Sorry the off-topic, just wanted to say the above. Front bars are not like rears. You remove a rear bar - you notice the whole car rolls more and under steers more. You remove the front bar and it gets very tricky because very counterintuitive. The rolls is more, but the under steer is less. 99% of the folks would remove the bar, would go for a spin, which will be something like 30 mph zig-zag on the straight street around the block. They will notice immediately the roll, will u-turn, go back and conclude that no front bar is simply not doing it. And they will miss the whole point. 1% will keep the car like this for a week, will dig it, explore it, push it higher and higher, slowly in the beginning, will re-learn the new behavior and then eventually will realize that this new configuration opens whole new set of doors in front of them, opens new ways of conducting the car in a curve - which will all result at the end as quicker car through turns. But with this, the car is not as safe as before, not at leas tin everyone's hands, and with more power comes more responsibility - so I hope people explore in safety and do not lose their heads on the street.
For street use, none of us should drive any near the point where the front bar should be removed. If you are that fast, you are braking the law by far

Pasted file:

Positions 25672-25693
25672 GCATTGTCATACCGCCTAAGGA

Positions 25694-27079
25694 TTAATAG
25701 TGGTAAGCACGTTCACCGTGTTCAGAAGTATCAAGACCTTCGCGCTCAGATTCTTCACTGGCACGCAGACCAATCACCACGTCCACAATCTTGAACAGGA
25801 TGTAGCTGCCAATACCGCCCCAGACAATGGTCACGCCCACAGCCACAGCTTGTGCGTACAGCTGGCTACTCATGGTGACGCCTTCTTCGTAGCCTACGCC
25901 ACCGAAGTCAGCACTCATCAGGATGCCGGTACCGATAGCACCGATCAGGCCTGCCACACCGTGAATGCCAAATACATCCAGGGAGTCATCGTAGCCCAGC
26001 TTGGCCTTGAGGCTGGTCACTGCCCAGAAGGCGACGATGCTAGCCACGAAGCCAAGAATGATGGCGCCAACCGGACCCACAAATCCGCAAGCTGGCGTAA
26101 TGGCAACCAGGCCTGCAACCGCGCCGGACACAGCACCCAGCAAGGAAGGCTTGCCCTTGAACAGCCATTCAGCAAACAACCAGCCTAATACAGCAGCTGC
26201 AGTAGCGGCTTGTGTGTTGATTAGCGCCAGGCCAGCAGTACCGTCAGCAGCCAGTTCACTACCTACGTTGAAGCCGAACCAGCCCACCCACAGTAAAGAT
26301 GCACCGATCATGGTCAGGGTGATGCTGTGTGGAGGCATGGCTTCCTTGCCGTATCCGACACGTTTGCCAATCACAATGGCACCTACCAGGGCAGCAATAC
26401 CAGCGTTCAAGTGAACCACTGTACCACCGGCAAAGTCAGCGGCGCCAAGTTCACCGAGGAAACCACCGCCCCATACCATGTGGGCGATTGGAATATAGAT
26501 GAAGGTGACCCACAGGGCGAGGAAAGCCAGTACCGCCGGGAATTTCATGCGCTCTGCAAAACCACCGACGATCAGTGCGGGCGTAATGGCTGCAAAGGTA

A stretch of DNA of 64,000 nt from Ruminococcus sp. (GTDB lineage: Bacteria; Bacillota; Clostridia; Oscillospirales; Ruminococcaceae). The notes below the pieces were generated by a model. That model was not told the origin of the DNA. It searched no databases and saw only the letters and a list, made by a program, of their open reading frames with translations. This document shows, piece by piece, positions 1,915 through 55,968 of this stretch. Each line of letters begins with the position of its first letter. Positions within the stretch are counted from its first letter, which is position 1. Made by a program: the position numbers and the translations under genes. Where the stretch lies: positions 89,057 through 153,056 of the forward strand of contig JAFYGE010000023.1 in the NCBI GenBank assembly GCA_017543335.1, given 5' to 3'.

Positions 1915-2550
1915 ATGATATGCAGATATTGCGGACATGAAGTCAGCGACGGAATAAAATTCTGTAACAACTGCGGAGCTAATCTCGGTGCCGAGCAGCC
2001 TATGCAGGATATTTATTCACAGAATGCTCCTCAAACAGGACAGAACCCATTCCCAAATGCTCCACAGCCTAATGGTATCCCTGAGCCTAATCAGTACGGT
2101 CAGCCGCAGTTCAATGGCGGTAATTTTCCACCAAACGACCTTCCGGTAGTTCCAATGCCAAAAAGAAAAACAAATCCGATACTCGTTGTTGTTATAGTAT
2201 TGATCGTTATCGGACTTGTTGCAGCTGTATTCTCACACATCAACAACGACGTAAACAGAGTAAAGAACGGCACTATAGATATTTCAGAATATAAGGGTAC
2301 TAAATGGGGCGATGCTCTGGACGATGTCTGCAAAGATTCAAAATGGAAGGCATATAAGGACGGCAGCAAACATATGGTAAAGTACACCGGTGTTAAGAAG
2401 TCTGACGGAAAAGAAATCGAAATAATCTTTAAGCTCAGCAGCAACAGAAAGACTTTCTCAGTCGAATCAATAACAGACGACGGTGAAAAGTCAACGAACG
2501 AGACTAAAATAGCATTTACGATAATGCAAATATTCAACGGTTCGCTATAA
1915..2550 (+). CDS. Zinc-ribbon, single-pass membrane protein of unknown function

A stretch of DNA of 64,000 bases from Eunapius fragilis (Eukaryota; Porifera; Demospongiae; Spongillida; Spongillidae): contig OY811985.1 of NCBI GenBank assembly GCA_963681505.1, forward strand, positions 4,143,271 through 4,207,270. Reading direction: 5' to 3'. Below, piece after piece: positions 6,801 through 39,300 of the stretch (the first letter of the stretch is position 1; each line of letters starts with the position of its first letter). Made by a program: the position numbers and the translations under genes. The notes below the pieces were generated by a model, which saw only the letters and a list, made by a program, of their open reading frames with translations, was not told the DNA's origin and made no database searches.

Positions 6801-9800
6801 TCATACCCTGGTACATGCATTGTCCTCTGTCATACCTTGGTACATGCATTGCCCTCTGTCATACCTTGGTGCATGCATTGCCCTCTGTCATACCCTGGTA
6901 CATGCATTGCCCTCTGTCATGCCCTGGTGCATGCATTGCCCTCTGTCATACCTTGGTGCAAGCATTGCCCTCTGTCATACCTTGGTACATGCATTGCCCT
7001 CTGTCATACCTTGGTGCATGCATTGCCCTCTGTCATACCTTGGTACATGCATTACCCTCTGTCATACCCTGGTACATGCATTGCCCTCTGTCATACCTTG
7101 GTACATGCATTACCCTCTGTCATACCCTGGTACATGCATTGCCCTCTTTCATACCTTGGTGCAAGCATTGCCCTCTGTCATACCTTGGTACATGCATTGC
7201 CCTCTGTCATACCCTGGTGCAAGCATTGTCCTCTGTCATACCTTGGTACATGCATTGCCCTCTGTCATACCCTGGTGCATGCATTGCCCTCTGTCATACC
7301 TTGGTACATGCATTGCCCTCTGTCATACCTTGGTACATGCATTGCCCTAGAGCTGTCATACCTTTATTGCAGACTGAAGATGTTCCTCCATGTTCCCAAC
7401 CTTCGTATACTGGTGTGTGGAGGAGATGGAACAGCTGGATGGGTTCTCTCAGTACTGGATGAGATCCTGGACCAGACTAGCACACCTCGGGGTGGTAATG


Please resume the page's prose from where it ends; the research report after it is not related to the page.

The installation is not difficult. It is just tedious. I did the entire suspension installation myself. Took me about 3 hours (the rears took me all of 40 mins).
- Dropped the subframe to install the swaybar (use new stretch bolts). I didn't have my cheater bar, yet. Torquing to spec + 90* took a lot of effort.
- Installed the TT control arms (new stretch bolts)
- Installed the rest of the suspension normally
- I installed the H2Sport spindles later
Oh, suggestion for where to do the work...I have heard nothing but good things about Tyrolsport or PDPerformance. The former has installed the TT suspension on his personal car. He was a part of the inspiration to install the TT suspension.
Modified by eggroller at 10:46 AM 11-22-2005
Quote, originally posted by GrapplingVR6 » Is there anyone in new jersey that would be able to perform this install on my car?
We've done a lot of TT control arm and spindle installs. We are located about 15minutes from the GWB. Thanks for the compliments, Eggroller
Don't know if this helps - but Audi did the following modifcations to the TT as part of the initial suspension recall.
The specific modifications consisted of new front lower control arms with larger, softer, offset front bushings, as well as modified front and rear shocks with stiffer compression and softer rebound dampening to reduce weight transfer from rear to front when braking. The front sway bar was increased in size from 19mm to 20 mm, while the rear was reduced 1mm in diameter from 15mm to 14mm. The result in handling was slower steering response, increased understeer, and reduced lift-off oversteer.